Sara Lee plans to raise prices again on its food and beverages, which could continue to affect sales, as it sorts out its future, including a planned separation into two companies, according to Reuters, a sister news service to Buyouts.
Sara Lee said in January that it planned to spin off its North American meats business into a new publicly traded company that will retain the “Sara Lee” name after takeover bids proved to be unsatisfactory. The remaining company would be an international beverage business whose name has yet to be determined. But Sara Lee said it could still be acquired before then.
The Downers Grove, Ill., company—maker of Jimmy Dean sausages, Ball Park hot dogs and Senseo coffee—had been looking at a deal to sell itself to the Brazilian strategic investor JBS SA, the world’s largest beef producer. As part of that deal, The
Sara Lee competes in categories such as packaged meats and baked goods, where consumers often consider price before brand, and Morningstar analyst Erin Lash said sales could continue to feel the pinch.
“They are going to continue to battle rising commodity costs, which ate away at their profitability,” Lash said. “These are pressures we don’t think will abate.”
Stifel Nicolaus analyst Christopher Growe said the stock was trading at a “fair multiple” considering its pending breakup.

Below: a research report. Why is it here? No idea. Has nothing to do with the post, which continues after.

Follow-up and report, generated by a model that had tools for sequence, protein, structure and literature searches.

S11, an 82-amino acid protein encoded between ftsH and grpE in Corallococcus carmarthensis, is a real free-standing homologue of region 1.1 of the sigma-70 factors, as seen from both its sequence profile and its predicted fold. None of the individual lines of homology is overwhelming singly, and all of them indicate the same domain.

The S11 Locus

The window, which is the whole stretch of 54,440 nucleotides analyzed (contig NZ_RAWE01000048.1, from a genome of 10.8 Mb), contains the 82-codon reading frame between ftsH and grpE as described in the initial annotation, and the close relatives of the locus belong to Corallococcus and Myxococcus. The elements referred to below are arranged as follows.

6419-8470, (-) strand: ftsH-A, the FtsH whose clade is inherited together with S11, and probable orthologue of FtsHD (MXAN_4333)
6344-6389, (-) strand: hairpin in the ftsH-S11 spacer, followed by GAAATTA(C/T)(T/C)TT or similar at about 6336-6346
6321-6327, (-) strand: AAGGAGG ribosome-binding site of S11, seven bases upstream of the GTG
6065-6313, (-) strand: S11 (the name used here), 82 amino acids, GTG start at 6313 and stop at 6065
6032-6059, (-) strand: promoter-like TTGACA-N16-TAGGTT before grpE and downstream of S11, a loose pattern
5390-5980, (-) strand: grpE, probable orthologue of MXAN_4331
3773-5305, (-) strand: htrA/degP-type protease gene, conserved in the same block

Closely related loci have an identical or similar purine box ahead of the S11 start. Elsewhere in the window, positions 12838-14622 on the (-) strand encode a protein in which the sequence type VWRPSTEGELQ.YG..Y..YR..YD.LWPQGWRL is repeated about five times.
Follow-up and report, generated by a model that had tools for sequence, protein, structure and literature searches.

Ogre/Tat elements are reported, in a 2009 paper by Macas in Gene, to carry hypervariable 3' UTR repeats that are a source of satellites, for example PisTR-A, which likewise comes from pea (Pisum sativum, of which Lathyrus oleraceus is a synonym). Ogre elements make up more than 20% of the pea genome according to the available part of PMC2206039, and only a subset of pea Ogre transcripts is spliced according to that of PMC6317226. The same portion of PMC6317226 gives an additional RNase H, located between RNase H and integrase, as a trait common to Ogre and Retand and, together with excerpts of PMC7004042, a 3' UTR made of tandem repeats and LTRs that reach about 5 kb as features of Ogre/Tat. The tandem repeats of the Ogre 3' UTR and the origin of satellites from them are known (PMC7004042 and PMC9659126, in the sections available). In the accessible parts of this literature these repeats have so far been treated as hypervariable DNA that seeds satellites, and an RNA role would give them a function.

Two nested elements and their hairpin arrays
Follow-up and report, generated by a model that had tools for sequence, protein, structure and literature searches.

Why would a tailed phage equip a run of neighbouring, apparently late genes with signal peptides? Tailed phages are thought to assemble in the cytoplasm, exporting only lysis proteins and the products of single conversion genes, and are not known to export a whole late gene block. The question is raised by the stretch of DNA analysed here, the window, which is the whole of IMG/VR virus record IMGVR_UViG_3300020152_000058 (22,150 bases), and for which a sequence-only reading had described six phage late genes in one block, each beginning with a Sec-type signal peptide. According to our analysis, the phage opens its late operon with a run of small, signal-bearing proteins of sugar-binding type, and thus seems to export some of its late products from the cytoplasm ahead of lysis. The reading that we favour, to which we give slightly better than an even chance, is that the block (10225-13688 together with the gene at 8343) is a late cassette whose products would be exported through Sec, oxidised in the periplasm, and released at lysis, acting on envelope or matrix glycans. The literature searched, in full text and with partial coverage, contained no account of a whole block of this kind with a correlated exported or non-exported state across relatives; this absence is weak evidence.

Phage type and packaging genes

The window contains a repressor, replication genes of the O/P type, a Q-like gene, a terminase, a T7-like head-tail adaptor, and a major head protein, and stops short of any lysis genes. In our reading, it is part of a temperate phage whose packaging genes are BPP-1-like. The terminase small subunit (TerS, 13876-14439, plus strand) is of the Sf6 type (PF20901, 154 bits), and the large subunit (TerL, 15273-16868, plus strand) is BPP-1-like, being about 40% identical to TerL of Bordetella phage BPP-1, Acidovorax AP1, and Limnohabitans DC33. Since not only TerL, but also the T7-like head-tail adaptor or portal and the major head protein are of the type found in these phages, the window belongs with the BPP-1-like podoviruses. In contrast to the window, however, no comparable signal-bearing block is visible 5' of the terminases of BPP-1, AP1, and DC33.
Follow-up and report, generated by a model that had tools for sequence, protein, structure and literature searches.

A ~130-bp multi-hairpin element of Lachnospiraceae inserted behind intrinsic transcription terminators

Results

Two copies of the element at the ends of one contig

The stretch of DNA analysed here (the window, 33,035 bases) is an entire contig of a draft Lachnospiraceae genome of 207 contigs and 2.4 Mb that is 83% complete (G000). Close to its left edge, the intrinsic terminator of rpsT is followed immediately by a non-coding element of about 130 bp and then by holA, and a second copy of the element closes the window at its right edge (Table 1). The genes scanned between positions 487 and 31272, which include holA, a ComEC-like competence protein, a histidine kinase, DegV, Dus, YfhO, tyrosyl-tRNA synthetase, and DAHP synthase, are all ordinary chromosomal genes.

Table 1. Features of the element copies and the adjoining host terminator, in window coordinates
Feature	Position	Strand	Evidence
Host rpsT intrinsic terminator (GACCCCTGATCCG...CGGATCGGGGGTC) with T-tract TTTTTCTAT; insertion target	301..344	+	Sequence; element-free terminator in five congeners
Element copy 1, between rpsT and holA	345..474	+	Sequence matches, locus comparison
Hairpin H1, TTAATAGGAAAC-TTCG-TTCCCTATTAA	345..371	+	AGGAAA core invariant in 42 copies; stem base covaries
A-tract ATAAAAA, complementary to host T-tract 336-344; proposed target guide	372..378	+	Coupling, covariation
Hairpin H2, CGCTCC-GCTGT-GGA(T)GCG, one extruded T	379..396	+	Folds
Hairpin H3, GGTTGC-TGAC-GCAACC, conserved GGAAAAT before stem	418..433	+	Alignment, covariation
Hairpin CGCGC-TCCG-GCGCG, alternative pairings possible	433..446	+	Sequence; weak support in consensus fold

“We see limited upside for the shares from this level given the overall soft fundamentals and the lingering questions around the tax rate appropriate for its new coffee company,” Growe said in a research note.
The also reported a weaker-than-expected profit for the latest quarter.
The company reported net income of $880 million, or $1.37 per share, for the quarter that ended on Jan. 1, up from $371 million, or 53 cents per share, a year earlier.
Excluding a gain on the sale of discontinued operations, a tax benefit and other items, earnings from continuing operations were 24 cents per share, a penny short of the analysts’ average estimate, according to Thomson Reuters I/B/E/S.
Net sales slipped 0.4 percent to $2.35 billion, as lower volumes and a weaker euro offset price increases and a larger proportion of higher-priced goods. Analysts on average were expecting $2.52 billion.
In the company’s North American meats business, which also includes Hillshire Farm lunch meat, sales rose 1 percent despite a 4.9 percent decline in volume, as the company raised prices to offset the rising commodity costs.
In the international beverage business, which includes Douwe Egberts and L’Or, net sales rose 2 percent, despite a 2 percent decline in volume.